In 2011, in Zwierlein v Baw Baw SC  VCAT 74, the Victorian Civil and Administrative Tribunal refused an application for a three lot subdivision on land in Warragul after finding it was “unable to say that a beneficiary of the covenant will be unlikely to suffer loss of amenity or loss arising from change to the character to the neighbourhood or any other material detriment.”
However, some ten years later, in Zwierlein v Coelho  VSC 451, the Supreme Court has allowed an application that was in certain respects similar to that refused by VCAT.
As Hetyey AsJ in the later decision explained:
“the decision of VCAT is of limited relevance to the present application because it pertained to a different statutory test set out in s 60(2) of the Planning and Environment Act 1987 (Vic). That provision essentially states that a permit for the variation or removal of a restriction in respect of land must not be granted unless the responsible authority is satisfied that a beneficiary of a covenant will be unlikely to suffer financial loss, loss of amenity, loss arising from change to the character of the neighbourhood, or any other material detriment as a consequence of the removal or variation of the relevant restriction. There are also differences between the nature of the proposal which was then before VCAT and the proposal the subject of the present application.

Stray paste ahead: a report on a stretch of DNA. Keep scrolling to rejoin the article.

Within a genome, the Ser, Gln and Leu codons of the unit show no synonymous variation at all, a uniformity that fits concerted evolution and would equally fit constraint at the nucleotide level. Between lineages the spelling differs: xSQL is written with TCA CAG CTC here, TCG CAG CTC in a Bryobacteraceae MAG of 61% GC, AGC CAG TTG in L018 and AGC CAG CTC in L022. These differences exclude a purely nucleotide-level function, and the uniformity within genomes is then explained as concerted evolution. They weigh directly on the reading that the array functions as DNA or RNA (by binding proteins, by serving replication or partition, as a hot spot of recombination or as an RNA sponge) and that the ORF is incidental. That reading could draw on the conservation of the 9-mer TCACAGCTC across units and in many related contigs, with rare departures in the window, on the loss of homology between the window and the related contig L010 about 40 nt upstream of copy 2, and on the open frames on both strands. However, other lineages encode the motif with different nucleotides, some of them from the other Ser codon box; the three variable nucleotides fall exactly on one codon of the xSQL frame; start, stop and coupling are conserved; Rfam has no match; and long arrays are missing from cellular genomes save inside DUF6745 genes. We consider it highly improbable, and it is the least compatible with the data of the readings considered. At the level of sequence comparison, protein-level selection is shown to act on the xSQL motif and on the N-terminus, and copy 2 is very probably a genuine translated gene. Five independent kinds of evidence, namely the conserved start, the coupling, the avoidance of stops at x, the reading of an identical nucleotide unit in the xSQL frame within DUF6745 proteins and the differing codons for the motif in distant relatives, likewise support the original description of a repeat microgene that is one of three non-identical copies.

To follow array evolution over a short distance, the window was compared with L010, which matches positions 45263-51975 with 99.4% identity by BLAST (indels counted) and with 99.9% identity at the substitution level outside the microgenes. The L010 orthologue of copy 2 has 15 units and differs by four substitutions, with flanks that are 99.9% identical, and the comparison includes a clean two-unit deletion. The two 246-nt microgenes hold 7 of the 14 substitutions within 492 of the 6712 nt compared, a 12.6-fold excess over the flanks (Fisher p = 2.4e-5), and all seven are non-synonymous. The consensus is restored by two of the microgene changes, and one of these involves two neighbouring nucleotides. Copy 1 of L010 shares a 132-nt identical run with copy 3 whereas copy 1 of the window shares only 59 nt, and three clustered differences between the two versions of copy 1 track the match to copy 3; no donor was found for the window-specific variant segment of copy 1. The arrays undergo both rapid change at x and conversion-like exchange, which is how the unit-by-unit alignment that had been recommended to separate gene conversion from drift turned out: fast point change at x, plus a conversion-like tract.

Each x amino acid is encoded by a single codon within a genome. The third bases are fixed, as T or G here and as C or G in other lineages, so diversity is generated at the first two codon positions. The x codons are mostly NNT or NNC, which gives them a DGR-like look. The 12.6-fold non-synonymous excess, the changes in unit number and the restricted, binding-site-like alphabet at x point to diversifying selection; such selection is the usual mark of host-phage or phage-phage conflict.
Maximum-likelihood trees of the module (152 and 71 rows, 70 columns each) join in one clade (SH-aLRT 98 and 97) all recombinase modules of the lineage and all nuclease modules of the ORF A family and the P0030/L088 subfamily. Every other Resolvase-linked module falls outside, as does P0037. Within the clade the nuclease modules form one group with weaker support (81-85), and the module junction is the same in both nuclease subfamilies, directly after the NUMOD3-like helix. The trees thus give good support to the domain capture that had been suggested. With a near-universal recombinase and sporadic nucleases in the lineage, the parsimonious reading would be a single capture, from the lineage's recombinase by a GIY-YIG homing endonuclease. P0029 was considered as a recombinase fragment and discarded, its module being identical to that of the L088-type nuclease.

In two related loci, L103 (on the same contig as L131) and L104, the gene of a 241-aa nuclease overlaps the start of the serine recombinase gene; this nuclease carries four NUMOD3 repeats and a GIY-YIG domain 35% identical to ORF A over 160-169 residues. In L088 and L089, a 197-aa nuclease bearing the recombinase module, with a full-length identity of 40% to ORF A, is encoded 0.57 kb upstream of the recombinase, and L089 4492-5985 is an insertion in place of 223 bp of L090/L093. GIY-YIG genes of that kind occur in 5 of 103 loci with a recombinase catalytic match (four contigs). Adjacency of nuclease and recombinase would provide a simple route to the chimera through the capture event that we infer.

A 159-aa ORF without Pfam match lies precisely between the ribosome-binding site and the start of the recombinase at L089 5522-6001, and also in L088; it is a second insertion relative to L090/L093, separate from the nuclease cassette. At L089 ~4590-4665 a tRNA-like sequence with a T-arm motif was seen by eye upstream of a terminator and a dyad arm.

A careful reading of the two decisions provides further support for the view that section 84(1) of the Property Law Act 1958 is a kinder avenue for applicants, even for covenants created on or after 25 June 1991.